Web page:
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Thursday, February 9, 2012

Review: The Edumacation of Jay Baker by Jay Clark

The Edumacation of Jay Baker by Jay Clark
Publication Date: January 31, 2012
Publisher: Henry Holt
Young Adult
Pages: 272
Genre: Contemporary, Realistic Fiction
Debut Author Challenge 2012
A few “sexy” bullet points about Jay: 

• He is in love with a cheerleader named Cameo “Appearance” Parnell 
• He is forever losing “Love-15” to tennis-playing goddess Caroline Richardson 
• He rocks a touché array of pop-culture references, jokes, and puns 
• His family-life cookie is about to crumble. 
Live vicariously through Jay as he faces off against his mortal enemy, gets awkward around his dream girl(s), loses his marbles in a Bermudian love triangle, watches his parents’ relationship implode, and, finally, learns to get real and be himself(ish)

*This galley was provided by the publisher for an honest review*

When I read about books that center (more or less) around divorce, a little voice in my head thinks that I will be able to compare to the character's feelings. But learning the reasons of the divorce of Jay's parents don't fit within the parameter of my life so the circles move away from each other only crossing in a few intersecting points. The emotions were definitely there for both Jay and I and truly that was how I connected with him. 

I liked this book but honestly, not as much as I wanted to. The quirky titles named after songs with Jay's own twists were adorable. It was fun in itself to figure out which songs where which and what portions were changed. That I definitely liked. If an author knows good music and puts it in the book, I'm revving to read. Not only music but when you have a snarky, intelligent, male character narrating a YA novel. There definitely should be more male protags in the YA population! Become a majority not a minority!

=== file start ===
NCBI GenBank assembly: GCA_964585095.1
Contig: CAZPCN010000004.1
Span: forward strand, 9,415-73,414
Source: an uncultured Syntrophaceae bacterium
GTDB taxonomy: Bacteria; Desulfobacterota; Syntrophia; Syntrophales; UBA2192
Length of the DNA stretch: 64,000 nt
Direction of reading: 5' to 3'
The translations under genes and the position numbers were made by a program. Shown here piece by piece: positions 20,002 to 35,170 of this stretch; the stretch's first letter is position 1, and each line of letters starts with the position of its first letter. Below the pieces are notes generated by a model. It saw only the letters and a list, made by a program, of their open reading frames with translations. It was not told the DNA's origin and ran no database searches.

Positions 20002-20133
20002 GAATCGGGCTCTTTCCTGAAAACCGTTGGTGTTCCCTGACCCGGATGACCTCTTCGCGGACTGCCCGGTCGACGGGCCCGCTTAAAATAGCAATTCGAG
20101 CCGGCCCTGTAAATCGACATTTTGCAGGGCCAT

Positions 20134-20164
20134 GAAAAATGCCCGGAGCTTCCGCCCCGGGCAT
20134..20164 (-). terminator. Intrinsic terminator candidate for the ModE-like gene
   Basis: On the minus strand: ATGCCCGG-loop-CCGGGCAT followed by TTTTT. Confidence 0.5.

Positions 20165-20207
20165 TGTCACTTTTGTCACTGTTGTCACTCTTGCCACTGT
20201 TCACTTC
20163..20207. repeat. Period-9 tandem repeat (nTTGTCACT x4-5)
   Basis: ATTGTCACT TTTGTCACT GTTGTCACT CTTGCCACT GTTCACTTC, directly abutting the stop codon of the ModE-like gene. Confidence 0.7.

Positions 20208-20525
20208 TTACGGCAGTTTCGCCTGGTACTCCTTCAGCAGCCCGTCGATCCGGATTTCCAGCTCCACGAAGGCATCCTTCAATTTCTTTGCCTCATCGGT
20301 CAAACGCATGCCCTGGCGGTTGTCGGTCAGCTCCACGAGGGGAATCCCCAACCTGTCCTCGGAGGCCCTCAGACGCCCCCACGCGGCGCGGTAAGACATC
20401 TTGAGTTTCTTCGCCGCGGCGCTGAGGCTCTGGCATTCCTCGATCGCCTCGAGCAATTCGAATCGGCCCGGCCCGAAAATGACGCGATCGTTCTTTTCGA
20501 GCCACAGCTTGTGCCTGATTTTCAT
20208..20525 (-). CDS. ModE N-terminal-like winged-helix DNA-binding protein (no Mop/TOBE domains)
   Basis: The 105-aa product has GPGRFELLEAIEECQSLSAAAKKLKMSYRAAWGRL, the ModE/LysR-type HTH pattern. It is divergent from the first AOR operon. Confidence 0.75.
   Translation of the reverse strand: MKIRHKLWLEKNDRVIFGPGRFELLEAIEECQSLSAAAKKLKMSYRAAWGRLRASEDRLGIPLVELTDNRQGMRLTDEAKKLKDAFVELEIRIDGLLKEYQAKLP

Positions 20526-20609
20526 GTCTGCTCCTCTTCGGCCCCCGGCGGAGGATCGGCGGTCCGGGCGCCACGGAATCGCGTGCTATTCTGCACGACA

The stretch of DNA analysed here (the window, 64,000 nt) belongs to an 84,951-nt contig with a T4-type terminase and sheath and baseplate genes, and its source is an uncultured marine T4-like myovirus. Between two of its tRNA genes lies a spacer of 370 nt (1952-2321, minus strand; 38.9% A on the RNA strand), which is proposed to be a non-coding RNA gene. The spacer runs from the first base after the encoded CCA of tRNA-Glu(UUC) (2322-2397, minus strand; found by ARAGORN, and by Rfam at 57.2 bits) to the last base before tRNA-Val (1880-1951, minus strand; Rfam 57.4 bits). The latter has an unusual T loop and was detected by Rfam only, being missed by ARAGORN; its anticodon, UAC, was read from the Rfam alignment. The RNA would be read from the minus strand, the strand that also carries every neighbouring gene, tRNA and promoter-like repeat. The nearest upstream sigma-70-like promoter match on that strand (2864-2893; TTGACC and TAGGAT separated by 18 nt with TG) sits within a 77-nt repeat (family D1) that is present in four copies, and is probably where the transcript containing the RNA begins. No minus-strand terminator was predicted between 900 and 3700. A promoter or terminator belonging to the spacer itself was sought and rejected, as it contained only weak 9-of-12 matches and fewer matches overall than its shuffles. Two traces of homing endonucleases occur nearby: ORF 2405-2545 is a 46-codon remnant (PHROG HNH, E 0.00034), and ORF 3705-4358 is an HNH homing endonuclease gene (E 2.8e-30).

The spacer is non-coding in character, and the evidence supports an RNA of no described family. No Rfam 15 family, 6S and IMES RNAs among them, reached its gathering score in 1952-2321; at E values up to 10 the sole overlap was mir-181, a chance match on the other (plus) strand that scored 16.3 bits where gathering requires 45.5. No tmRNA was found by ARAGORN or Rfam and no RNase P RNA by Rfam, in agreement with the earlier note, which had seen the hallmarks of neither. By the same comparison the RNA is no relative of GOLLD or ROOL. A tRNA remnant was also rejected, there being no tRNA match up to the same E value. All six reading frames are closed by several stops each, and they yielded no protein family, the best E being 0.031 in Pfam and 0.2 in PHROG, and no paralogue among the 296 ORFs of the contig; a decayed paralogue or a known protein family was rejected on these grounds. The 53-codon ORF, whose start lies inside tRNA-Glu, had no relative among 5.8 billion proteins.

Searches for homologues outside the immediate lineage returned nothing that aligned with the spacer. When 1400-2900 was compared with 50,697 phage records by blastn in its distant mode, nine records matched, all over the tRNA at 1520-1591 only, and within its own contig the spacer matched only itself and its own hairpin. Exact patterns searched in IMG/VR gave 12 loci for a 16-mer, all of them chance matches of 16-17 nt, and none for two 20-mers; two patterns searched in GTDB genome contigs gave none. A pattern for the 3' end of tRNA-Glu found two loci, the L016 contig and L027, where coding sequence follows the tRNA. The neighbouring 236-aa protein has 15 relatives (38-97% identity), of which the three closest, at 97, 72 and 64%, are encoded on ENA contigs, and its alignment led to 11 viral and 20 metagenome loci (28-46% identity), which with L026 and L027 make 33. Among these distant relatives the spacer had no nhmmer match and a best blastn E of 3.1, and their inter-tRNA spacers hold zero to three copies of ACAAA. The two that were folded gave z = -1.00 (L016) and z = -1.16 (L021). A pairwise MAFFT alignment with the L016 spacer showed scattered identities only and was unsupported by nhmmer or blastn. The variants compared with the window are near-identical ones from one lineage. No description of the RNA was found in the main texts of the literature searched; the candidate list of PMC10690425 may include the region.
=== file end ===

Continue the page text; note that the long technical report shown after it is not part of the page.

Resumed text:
The language used within the book set me off. With all the strange pet names and weird dialogue said by almost every character, it made it hard to realize what time period The Edumacation of Jay Baker was really set in. There were saying that just confused the hell out of me or had me rolling my eyes at points. Some of the references just flew right over my head so I guess that also didn't allow me to fall for the book like I had intended. 

Relationship wise, the strength between Jay and his sister Abby was my favorite throughout the whole thing. Not Jay and Cameo. Not Jay and Caroline. Jay and Abby. I love positive and humorous brother-sister relationships. I could feel the love radiate between the two when they were together and how Abby would always be there to help Jay when he was in need. 

I do recommend this to any pop culture, music buff, male protag seeking readers because this 2012 debut is right up your alley!

First Line: Mom and Dad were in their room with the door shut.

Three targets hilariously slayed

1 comment :

Stephanie Verhaegen said...

Nice review. I love reading about Male narrators. We do need more of that in YA.

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